Maypole in Bloom

When May comes, with Beltane’s heat wrapped around her hips, I weave primavera ribbons into every dark. My all—flesh, bone, the womanliest curves of my soul—taste the silk flirting inside my heart… curling towards my thighs… kissing the soil that dances with the bottoms of my feet.

The taps and twists of my soles chant a song of getting and of giving, of sex and heart creating ecstasy, of quickening flesh and dirt, of enticing the Maypole to please Nature’s need of rebirth.

Come for me, May, dance my will wild. Let me love you for multiple whiles… touch me with what Spring hides from Summer, wear me out until my Fall daydreams of slipping into Winter.

the Maypole in bloom,
spring teasing out desires
from all living things

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wee notes
Beltane: the anglicized name for the Gaelic May Day festival, most commonly held on May 1st, or about halfway between the spring equinox and the summer solstice.
Primavera: the Spanish word for spring.

written for Yesterday Never Dies – Dark Poetry for the Cruellest Month, 2016 (Day 13)
I chose the 30th April prompt, at the Imaginary Garden with Real Toads:
Poetizing the Maypole

Maypole in Bloom

She Wasn’t a Creature of this World

The weapons instructor who taught me how to properly place an AT-4 on my shoulder told me that his people spoke in poetry.

“It’s an anti-tank weapon, Warrior,” he said. “Treat it like an untrustworthy friend—always keeping a strong hold on it, but touching it with light fingers.”

“I will, Chief,” I said, and watched his poetry speaking lips tighten into a line that couldn’t hide the mirth crinkling his eyes. He hated when I called him Chief, so I did it every time he called me Warrior, and not by my name. “Will I feel the flash on my back? After I fire it?”

“War is hot, Girl Warrior, full of recoils and burns. Just like raising a child,” he said, “it leaves the mother cracked and stretched and changed and scarred.”

“Reading does the same for the mind, Chief.” Remembering what he said about his people, I added, “But the scars left by stories are poetic tattoos.”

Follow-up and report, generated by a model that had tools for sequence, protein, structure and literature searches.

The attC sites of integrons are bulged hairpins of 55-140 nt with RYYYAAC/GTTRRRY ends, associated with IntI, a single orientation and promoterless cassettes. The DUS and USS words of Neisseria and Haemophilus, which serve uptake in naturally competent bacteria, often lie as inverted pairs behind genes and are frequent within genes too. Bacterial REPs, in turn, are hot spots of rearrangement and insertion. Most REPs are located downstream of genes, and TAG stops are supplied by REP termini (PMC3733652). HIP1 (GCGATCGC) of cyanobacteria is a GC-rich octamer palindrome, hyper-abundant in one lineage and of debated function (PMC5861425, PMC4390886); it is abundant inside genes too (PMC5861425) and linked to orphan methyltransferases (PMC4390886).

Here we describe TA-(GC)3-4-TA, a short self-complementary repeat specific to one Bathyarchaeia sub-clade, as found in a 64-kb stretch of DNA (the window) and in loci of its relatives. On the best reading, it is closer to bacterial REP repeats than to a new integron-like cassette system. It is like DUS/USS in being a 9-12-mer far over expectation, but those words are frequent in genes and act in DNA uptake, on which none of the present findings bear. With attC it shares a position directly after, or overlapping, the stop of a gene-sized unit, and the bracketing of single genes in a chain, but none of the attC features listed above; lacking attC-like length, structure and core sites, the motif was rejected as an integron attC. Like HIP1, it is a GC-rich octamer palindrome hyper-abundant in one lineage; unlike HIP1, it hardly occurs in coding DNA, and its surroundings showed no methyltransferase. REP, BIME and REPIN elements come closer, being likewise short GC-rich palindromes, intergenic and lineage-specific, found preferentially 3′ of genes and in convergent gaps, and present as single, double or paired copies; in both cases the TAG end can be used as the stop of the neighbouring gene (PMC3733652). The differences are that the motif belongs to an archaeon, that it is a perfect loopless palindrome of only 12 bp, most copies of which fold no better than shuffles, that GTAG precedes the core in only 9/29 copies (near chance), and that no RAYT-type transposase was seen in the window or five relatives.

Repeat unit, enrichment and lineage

He said nothing for a long while. Not even after he removed the practice AT-4 from my shoulder and placed it back on the weapons rack. Then he gave me one of his deep amber-eyed looks, and said, “What have you been reading, Word Eating Warrior?”

One Hundred Years of Solitude, Poetry Speaking Chief. It’s about—”

“I’ve read Márquez,” he said. “What’s your favorite part? The war between Aureliano Buendia and Úrsula Iguarán, I bet.”

I shook my head. “I love how Márquez portrays Remedios the Beauty. The woman is clearly mad, but he decides to write that she ‘was not a creature of this world.’ He didn’t write lies. He just made madness beautiful, even desirable and uplifting. He plucked Remedios out of the dirt. And she ascended.”

Chief smiled, an enormous smile full of gums and teeth too white for his dark-honeyed complexion. “A Caribe Warrior who sees beauty in the lunacy of another. I wonder if you’ll find poetry in war.”

“I don’t,” I said, leaving the classroom without looking at Chief’s face.

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Process Note: Sanaa, sweet mistress of Prompt Nights, invited us to write a poem or prose piece inspired by our favorite book or one of our favorite quotes. I chose to repost this tale, birthed out of the following passage, from Gabriel García Márquez’s One Hundred Years of Solitude:

“Remedios the Beauty was not a creature of this world… She reached twenty… wandering naked through the house because her nature rejected all manner of convention…

Remedios the Beauty began to rise… abandoning with her the environment of beetles and dahlias and passing through the air with her as four o’clock in the afternoon came to an end, and they were lost forever with her in the upper atmosphere where not even the highest-flying birds of memory could reach her.”

AT-4: an 84-mm unguided, portable, single-shot recoilless smoothbore weapon.
Caribe: Spanish word for Caribbean and spicy/hot, another word for piranha; its variation, Carib, refers to a fierce indigenous people of the Lesser Antilles in the Caribbean.
* First published in 2014. I clipped a word or two… aside from that, it remains unchanged.

Floating Woman“Close”, by Martin Stranka